Making Vale Cider

Making excellent cider depends upon attention to detail at every stage from growing the best apples to ensuring hygiene of equipment and close attention to every part of the cider-making process.

We collect the harvested ripe cider apples from our orchards in 300kg bins until we have enough for a full day of pressing.

Bins with Ripe Vale Cider Apples
300kg Bins with Ripe Vale Cider Apples ready for pressing

We hand-wash and sort apples to get them ready for scratting. We reject any that are rotten.

Washing apples at Vale Cider
Washing apples at Vale Cider before scrattign and pressing

We then mill the washed apples in a scratter to produce pomace (apple pulp).

Pouring Apples into Scratter at Vale Cider
Pouring Apples into Scratter at Vale Cider mill

We wrap the pomace in cloths and put them in layers between wooden slatted boards (racks) to make a pile of “cheeses” on the press.

Building cheeses for pressing at Vale Cider
Building cheeses for pressing at Vale Cider mill

The press then compresses the pile of cheeses so that juice runs out of the pomace and into a collecting tank.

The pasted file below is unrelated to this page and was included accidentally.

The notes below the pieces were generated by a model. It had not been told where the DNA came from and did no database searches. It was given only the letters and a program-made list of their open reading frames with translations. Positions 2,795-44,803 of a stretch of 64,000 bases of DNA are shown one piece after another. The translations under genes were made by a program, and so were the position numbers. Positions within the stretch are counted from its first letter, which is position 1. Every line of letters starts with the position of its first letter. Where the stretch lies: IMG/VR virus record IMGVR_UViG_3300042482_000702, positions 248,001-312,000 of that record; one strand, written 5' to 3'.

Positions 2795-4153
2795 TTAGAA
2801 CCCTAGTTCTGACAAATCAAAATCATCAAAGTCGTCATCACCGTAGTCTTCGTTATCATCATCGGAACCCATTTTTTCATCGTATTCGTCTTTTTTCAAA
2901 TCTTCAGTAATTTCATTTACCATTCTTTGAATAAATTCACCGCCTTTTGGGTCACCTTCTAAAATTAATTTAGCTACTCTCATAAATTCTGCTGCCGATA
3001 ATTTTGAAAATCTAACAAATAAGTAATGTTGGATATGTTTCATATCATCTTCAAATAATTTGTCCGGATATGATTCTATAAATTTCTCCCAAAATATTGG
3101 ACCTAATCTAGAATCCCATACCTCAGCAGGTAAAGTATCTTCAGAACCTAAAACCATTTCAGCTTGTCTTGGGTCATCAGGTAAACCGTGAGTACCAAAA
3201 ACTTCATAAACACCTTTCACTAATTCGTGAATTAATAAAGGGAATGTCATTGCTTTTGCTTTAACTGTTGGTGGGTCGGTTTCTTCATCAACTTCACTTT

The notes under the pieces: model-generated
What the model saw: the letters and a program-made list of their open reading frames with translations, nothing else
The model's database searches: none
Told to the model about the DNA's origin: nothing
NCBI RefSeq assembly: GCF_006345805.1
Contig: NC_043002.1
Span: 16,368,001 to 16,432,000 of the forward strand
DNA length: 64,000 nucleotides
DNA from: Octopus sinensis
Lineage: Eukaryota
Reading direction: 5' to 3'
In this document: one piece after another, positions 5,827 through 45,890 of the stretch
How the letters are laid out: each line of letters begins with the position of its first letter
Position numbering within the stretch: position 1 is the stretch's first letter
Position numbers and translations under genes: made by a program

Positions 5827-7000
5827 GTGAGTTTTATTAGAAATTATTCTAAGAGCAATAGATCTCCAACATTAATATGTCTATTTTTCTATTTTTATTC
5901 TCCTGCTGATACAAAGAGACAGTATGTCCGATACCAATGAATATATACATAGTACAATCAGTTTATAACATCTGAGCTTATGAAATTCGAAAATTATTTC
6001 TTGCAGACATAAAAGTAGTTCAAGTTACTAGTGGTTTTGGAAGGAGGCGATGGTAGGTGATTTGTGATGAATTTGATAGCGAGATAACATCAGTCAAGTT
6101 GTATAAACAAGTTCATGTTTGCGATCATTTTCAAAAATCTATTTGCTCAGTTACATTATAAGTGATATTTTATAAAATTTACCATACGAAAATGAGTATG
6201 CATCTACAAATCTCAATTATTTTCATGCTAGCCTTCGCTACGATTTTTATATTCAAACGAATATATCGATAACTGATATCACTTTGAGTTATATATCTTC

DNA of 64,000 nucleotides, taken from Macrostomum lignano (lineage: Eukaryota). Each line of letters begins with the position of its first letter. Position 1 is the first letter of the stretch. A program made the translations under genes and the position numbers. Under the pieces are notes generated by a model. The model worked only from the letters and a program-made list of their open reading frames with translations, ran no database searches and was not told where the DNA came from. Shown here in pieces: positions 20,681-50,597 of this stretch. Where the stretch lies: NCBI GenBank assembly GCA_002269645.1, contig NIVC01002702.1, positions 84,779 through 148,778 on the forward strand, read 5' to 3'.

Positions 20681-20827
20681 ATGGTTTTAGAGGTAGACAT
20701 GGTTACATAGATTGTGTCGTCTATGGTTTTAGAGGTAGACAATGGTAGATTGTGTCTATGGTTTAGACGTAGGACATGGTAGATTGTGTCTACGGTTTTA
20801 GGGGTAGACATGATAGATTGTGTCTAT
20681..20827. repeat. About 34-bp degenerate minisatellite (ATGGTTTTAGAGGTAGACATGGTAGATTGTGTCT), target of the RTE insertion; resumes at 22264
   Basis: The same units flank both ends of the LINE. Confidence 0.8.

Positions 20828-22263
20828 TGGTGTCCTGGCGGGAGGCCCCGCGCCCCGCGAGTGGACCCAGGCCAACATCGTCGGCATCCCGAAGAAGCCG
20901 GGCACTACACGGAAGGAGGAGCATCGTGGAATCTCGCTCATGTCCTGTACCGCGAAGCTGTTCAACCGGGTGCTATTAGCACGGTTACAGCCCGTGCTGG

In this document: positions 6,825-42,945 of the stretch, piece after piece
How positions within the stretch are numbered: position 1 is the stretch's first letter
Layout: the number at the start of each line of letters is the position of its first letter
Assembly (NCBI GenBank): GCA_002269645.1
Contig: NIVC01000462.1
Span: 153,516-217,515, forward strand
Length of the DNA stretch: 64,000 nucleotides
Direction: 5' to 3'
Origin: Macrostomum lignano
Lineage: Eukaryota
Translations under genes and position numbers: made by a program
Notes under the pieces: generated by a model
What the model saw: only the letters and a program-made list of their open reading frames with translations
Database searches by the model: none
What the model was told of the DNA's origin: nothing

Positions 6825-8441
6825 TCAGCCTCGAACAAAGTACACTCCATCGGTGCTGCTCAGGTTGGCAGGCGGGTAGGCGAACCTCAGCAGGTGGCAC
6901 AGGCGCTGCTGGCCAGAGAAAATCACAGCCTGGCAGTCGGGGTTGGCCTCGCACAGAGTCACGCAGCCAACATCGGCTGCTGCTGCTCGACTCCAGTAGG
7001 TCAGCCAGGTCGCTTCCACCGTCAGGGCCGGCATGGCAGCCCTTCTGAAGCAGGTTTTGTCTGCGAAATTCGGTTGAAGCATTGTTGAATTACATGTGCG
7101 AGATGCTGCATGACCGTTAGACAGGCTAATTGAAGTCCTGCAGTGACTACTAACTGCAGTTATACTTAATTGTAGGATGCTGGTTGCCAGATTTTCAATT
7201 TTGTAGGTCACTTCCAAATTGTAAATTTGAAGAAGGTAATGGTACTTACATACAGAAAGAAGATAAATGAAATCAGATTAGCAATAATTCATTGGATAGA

Operating the cider press
Switching off the press at the end of a pressing run at the Vale Cider mill

After pressing, the left-over dry pomace and any rejected rotten apples are fed to our pigs – they love it! (And the alpacas do too).

Pigs eating cider apples
Pig eating rotten apples rejected from cider-making at the Vale Cider farm

The apple juice is transferred from a collecting tank to fermenting tanks that have an airlock to allow carbon dioxide gas to escape during fermentation, whilst preventing oxygen spoiling the cider.

Fermentation Tanks at Vale Cider
Fermentation Tanks at Vale Cider mill

The fermentation proceeds over a few weeks – slower later in the season because the temperature is colder.

When the fermentation stops the cider is “racked” (ie. transferred) into a maturing tank and the “lees” (solids) that are left behind in the bottom of the fermentation tank are discarded. The cider matures for several months over the winter – this is very important to allow the flavours to develop.

In the Spring we taste our base ciders and decide what combinations we will use to make that year’s ciders. This is rather a fun time for us!

Tasting New Season's Vale Cider in Orchard
Tasting the New Season’s Vale Cider in the orchard

We blend our base ciders and use sugar to adjust sweetness to the desired levels before bottling our final products.

Image showing differing types of cider product
Example of different types of cider product enjoyed by cider drinkers

Browse our Vale Cider products at our online shop

Find out about the apple varieties we use in our ciders

Learn about the Big Three Flavours of cider

Test you Cider Trivia knowledge with our Fun Cider Trivia Quiz